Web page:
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Tuesday's Wasatch County votes oppose RAP Tax by razor-thin margin

City Park, downtown Heber City
Ben Lasseter
City Park, downtown Heber City

After preliminary results Tuesday night, the vote on whether Wasatch County should impose a recreation, arts and parks tax was too close to call with ballots outstanding.

Out of 7,675 ballots received by 8 p.m., 3,754 voted against the tax, while 3,744 voted in favor - a margin of only 10 votes.

The question of whether to impose a new sales tax in the amount of 0.1%, or 1/10 of a cent per dollar spent, went to all registered voters in Wasatch County. The ballots asked if the county should levy the tax to fund “recreational facilities, botanical organizations, and cultural organizations or facilities.”

Wasatch County Clerk Joey Granger said 44 provisional ballots would be verified and counted in the coming days, and more ballots could arrive in the mail. If they were postmarked by Monday, they’ll be counted.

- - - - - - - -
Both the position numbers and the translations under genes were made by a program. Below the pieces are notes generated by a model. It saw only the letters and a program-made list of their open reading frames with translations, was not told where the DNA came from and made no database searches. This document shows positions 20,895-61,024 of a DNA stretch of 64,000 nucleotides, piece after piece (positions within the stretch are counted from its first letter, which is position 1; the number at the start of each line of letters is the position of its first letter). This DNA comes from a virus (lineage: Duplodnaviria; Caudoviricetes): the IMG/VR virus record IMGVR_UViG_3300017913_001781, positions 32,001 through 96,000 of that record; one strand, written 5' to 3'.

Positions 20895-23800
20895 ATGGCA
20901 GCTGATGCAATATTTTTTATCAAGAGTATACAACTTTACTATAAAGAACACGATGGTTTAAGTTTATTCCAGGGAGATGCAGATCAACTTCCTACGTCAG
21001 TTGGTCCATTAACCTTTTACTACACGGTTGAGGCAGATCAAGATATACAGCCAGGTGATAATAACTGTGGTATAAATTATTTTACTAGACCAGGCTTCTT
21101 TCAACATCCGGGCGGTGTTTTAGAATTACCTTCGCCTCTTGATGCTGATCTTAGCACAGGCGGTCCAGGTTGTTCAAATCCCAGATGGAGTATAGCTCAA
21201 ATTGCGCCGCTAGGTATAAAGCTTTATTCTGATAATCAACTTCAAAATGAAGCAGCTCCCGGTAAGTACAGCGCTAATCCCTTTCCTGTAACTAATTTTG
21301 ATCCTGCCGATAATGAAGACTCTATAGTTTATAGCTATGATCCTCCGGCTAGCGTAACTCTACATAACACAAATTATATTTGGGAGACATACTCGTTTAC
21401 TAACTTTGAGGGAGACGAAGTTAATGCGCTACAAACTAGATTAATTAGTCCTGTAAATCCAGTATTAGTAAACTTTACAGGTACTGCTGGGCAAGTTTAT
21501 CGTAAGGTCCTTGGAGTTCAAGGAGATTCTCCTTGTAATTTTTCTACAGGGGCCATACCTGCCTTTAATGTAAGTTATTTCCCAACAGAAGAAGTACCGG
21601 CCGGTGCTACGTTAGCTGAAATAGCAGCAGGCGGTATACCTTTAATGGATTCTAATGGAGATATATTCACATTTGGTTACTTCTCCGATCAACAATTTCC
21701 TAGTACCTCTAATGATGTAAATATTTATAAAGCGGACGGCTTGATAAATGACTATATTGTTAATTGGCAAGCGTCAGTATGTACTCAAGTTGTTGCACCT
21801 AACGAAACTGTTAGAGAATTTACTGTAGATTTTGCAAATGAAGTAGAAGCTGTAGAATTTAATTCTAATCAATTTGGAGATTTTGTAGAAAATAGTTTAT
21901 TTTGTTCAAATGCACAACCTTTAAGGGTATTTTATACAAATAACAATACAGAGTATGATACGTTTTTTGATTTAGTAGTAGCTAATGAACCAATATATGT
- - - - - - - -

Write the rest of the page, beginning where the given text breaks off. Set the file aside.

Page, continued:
The proposed tax would last for 10 years. It would apply to all shopping, except most groceries.

Heber City, Midway and Wasatch County reached an interlocal agreement on how to share the new sales tax revenue in October. They would pool all the tax money from shoppers in the county and distribute it to the cities and county based on populations, giving Heber City half, the county 35% and Midway 15%.

The county estimates it would generate $800,000 in 2022 and more in years to come, with half coming from visitors to Wasatch County.

Heber City’s parks plan outlines new trails, parks and arts programs, as well as improvements to existing facilities,as future goals. One goal is to develop 19 acres of new parks by 2030. More on the plan and how the city would use RAP Tax money are explained at envisionheber.com.

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